I have often wondered, and never seen much research addressing the question, as to the contribution of intense curiosity in life outcomes. This is particularly relevant to my interests regarding the degree to which the habit of enthusiastic reading may or may not contribute to good life outcomes. My question specifically is whether those individuals, ceteris paribus, who are actively curious might not also have better life outcomes. The logical case flows from curiosity leads to greater acquisition of knowledge, leads to enhanced perception and insight, leads improved problem solving, leads to improved productivity, leads to enhanced life outcomes. But is it true?

I don't know, but this chart, for all its weakness, is consistent with that argument. Without even correcting for wikipedia views per total population (versus just the population of internet users) there is a reasonably positive correlation (I haven't run the numbers but it looks like 0.5-0.7 perhaps) between Wikipedia accessing (i.e. curiosity) and any of a number of crude measures of well-being such as PPP GDP per Capita, PPP Wealth per Capita, Longevity, Average Years of education attainment, etc.

Its not good data but it is supportive of the hypothesis in that it does not refute the conclusion.

Friday, December 26, 2014

Why are fields susceptible to critical theory and postmodernism also characterized by low income and low intellectual rigor?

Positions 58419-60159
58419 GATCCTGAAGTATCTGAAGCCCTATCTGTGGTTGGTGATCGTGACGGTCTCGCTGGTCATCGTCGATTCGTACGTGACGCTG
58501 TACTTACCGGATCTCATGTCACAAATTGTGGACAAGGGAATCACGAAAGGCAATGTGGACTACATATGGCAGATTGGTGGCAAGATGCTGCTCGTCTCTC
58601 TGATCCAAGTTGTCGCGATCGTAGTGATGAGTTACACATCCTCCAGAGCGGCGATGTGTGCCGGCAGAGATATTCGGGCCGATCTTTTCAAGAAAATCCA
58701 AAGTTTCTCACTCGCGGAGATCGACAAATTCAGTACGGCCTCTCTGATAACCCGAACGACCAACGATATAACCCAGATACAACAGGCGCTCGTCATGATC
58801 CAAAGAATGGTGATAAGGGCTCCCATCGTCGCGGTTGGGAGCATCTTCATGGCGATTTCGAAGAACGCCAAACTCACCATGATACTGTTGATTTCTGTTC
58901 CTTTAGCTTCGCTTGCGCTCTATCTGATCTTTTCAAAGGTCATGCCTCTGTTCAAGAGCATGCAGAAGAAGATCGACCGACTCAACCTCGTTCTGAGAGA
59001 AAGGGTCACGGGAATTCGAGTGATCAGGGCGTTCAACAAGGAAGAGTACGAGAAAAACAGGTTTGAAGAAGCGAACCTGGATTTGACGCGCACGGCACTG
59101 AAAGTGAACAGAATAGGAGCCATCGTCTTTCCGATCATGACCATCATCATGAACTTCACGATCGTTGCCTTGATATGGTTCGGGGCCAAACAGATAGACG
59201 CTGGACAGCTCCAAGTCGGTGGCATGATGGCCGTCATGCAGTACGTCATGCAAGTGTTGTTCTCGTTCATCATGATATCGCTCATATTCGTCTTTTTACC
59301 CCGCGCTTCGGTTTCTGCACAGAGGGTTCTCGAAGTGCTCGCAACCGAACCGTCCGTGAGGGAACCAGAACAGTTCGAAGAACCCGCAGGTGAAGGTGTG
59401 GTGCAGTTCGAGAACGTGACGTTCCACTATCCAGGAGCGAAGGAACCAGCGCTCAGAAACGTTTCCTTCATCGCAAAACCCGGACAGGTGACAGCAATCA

Just an observation. The other day, in When data verifies impressions, I mentioned that along with Studies, Anthropology, English:
Other sources seem to indicate a prevalence of postmodernism and critical theory among the psychology, sociology, communication and education departments as well.
Quite separately from that conversation, I was checking anticipated incomes by university major (here is one source and a second and a third).
I noticed that those degrees that are most prone to postmodernism and critical theory are also those with the lowest employment prospects (except for the education department) and the lowest starting and career average incomes.

It is not particularly surprising but it does prompt a question of causation and directionality.

Low income degrees tend to be clustered around very human relation fields which also tends to be fields with little objectively determined domains of knowledge. If you are going to be an electrical engineer there is a very broad and deep domain of empirically established knowledge which is invariate from New York to Nicaragua to Nigeria to the Netherlands to North Korea. It is a field that is both in demand and requiring high levels of knowledge acquisition to a very precise degree. None of which is true for, say, Sociology which has only a small domain of invariant knowledge and which is taught dramatically differently by country and culture.

So is the prevalence of discredited critical theory and postmodernism in the lower Humanities fields a consequence of some historical path dependency or is it perhaps because those fields require less intellectual rigor and therefore are more receptive to CT and PM, or is it that people in those fields are angry and envious of their low income valuation and therefore more receptive theories such as CT and PM which deflect responsibility for outcomes from personal agency to systemic explanations?